Equestrian team not horsing around this semester

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Buff athletes train hard to be the best that they can. Whether it’s football, volleyball, or even the WTAMU equestrian team, they work to compete and become a top contender.

Photo courtesy of Equestrian Team

“We’re pretty active on campus, as well as working out three times a week. If you’re on varsity, go and ride horses three times a week,” Mallory Fulwilder, junior equine industry and business major said. 

The team is separated between varsity and junior varsity. However, only the varsity team competes. Within the team there are different styles of riding, hunt seat and western. 

 “Western is more of the cowboy style of riding and hunter seat involves the smaller saddles and most people think of it in regard to jumping,” Amanda Ellis, head coach of the equestrian team, said. 

The competition process covers four events including, western horsemanship, reining, equitation over fences and equitation on the flat. The process of choosing the horses to compete with is different from traditional horse shows. 

“They have a random draw for their horses, which are provided by the host university. Riders have no warm up time before competing with their new mount,” Ellis said. “You can’t even touch them, you just get on and then you go into the ring, that’s when your brain starts and go onto your  horse real quick and show to the best of your ability,” Veronica Beagle, sophomore equine industry and business major, said.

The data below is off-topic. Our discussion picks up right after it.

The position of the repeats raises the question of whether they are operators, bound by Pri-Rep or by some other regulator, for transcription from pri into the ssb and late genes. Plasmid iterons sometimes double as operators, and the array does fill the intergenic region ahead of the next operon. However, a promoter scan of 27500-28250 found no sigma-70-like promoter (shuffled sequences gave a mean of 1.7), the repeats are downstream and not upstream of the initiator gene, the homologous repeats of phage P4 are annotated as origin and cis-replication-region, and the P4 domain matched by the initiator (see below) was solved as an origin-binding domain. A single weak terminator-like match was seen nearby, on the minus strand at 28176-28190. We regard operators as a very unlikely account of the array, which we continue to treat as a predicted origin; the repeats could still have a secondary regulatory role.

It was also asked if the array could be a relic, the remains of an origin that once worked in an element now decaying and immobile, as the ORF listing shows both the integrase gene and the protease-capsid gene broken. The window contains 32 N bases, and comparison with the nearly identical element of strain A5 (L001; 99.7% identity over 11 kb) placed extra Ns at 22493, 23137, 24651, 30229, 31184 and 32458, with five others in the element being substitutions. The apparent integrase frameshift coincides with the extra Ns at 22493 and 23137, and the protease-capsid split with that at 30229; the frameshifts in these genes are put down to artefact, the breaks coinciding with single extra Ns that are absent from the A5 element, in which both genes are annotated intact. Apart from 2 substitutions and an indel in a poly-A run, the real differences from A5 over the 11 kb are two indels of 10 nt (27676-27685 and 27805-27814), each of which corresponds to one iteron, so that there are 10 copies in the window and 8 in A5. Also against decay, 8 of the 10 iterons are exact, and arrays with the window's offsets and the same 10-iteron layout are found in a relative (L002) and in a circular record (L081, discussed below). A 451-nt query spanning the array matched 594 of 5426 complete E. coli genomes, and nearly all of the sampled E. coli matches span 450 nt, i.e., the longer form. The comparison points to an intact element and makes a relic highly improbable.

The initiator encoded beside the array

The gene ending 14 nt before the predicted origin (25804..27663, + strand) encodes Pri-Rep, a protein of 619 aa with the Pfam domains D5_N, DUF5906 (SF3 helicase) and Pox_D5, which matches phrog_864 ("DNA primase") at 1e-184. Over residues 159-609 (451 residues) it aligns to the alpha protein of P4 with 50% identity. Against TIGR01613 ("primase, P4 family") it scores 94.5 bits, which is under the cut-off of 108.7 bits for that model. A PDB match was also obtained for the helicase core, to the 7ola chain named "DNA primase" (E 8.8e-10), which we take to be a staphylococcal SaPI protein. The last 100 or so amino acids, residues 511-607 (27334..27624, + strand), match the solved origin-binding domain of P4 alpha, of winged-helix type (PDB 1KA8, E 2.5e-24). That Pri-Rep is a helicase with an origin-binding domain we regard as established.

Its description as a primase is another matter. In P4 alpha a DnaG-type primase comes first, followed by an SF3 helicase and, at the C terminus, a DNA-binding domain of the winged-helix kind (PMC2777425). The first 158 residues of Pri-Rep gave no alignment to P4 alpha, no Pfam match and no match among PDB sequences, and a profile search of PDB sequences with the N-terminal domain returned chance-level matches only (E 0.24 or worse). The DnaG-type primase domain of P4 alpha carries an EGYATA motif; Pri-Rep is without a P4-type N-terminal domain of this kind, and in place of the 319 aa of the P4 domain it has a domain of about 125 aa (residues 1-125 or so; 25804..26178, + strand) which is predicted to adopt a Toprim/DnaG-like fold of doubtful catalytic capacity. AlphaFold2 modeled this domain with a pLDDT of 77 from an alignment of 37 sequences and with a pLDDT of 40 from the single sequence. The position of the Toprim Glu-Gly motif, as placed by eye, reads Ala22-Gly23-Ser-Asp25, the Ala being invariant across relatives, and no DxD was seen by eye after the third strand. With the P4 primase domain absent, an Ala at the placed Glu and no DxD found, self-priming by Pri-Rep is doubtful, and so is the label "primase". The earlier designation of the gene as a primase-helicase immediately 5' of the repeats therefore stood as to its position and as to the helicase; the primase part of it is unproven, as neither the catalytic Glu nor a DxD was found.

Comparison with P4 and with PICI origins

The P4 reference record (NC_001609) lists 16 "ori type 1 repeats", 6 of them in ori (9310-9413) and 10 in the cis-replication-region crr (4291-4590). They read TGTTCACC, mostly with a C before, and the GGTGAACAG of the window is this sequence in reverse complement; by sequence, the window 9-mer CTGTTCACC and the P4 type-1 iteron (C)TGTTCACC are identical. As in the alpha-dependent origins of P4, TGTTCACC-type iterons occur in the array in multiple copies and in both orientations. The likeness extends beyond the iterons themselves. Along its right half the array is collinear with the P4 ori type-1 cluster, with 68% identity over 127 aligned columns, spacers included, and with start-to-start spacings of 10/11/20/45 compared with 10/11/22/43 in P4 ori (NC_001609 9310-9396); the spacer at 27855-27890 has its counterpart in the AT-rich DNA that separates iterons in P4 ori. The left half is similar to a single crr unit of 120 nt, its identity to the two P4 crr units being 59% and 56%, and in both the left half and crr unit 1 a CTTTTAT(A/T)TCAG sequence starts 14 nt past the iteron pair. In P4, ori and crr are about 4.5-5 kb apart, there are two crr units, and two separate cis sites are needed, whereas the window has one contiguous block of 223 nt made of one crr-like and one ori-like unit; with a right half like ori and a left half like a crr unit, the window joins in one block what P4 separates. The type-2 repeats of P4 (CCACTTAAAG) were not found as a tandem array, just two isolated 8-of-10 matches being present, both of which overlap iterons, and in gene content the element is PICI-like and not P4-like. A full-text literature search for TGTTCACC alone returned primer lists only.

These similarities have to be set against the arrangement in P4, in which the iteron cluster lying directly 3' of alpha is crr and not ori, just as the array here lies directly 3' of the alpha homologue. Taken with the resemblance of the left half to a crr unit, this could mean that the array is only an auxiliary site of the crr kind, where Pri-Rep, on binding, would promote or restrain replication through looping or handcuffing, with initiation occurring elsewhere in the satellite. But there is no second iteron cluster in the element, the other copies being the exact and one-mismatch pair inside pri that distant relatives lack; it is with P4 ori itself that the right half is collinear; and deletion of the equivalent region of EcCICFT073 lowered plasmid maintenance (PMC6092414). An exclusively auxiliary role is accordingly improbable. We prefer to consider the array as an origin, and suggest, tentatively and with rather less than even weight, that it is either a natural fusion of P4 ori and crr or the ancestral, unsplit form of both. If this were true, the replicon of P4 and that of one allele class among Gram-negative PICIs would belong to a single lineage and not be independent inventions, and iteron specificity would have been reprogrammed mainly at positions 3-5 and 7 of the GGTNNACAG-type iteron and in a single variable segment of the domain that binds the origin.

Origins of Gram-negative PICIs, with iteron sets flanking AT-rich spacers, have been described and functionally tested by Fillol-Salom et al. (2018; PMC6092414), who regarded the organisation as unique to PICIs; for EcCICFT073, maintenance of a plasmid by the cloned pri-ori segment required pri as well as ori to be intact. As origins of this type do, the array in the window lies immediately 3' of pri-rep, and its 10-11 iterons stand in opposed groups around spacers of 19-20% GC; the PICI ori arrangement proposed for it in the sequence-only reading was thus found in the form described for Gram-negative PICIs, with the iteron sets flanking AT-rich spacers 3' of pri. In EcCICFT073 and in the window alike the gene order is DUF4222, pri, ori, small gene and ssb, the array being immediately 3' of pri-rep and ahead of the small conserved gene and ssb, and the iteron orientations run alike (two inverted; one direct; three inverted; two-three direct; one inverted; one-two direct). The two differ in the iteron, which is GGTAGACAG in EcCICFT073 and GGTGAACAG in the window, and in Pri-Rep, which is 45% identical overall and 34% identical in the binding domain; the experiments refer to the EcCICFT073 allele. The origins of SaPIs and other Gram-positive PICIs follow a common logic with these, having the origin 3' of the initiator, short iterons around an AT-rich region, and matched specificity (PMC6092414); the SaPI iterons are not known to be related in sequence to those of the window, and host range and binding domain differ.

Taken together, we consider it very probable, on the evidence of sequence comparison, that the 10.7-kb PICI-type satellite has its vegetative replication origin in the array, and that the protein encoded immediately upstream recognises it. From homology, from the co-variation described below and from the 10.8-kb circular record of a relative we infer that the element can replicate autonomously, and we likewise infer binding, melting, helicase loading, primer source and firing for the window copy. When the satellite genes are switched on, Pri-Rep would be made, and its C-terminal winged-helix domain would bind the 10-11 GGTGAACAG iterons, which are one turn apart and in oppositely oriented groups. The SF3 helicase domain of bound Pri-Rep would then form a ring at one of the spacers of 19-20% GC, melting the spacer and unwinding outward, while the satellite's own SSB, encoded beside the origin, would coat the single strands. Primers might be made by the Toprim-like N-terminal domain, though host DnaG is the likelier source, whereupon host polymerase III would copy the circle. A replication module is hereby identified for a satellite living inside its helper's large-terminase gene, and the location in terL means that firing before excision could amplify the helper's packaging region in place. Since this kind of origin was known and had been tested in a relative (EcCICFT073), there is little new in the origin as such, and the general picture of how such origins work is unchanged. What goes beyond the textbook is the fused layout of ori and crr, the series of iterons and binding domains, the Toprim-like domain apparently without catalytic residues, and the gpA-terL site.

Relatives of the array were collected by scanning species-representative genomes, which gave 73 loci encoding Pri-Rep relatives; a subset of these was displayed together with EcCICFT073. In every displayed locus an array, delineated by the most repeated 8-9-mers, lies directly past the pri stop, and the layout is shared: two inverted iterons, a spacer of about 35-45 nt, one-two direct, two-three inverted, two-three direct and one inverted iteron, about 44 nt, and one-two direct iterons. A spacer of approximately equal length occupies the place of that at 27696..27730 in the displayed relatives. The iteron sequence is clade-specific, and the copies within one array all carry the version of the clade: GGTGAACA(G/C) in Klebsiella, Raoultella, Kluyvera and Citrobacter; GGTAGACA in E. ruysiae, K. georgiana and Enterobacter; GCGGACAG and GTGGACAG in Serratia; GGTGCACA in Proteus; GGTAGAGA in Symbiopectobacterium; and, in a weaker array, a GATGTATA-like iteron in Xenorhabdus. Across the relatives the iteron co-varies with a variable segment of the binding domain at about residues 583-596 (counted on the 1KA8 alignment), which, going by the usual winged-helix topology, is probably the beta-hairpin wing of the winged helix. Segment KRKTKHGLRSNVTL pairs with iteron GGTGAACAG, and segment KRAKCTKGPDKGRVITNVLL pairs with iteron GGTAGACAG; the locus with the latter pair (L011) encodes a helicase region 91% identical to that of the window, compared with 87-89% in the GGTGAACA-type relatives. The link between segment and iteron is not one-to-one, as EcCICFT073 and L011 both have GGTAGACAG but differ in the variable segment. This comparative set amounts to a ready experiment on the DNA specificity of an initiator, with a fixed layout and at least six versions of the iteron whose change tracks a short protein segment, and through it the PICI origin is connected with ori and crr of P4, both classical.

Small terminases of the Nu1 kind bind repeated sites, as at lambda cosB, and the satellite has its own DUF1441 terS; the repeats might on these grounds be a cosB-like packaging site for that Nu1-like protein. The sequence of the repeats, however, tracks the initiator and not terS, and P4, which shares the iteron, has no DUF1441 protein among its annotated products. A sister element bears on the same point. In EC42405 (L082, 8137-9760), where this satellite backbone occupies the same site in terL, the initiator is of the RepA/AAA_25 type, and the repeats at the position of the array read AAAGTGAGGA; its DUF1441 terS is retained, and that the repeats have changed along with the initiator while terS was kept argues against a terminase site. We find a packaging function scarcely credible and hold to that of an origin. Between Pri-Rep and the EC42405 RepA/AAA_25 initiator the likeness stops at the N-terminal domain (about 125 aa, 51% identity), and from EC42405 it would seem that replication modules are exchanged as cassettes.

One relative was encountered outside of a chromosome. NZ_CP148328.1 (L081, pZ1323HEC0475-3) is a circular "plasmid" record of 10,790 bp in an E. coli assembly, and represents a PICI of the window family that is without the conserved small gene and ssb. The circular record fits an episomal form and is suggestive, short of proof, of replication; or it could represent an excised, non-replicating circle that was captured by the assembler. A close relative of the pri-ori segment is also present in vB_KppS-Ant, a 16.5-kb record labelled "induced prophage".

Along with competing, the team is involved with other events and activities on WTAMU’s campus. 

“We’re pretty active on campus, we do concessions for the football game and we are going to be doing a part of the dodgeball tournament,” Fulwilder said.

The camaraderie between the team is also an important aspect to their dynamic. As the team travels thousands of miles together over the years, they become closer. 

“This is a stone cold pack of weirdos. We often joke that this is an athletic sorority as far as expectation of social engagement, communication between team members and time spent together,” Ellis said.  “That’s like the greatest thing about the equestrian team.You have all of these people that you’re teammates with, but it’s more than just like teammates…it’s

like family,” Beagle said. 

When it comes to experience, students can join through a tryout process and aren’t required to have a certain amount of experience. Many of the teammates have different backgrounds when it comes to equine. If students are interested, there is more information on gobuffsgo.com.  

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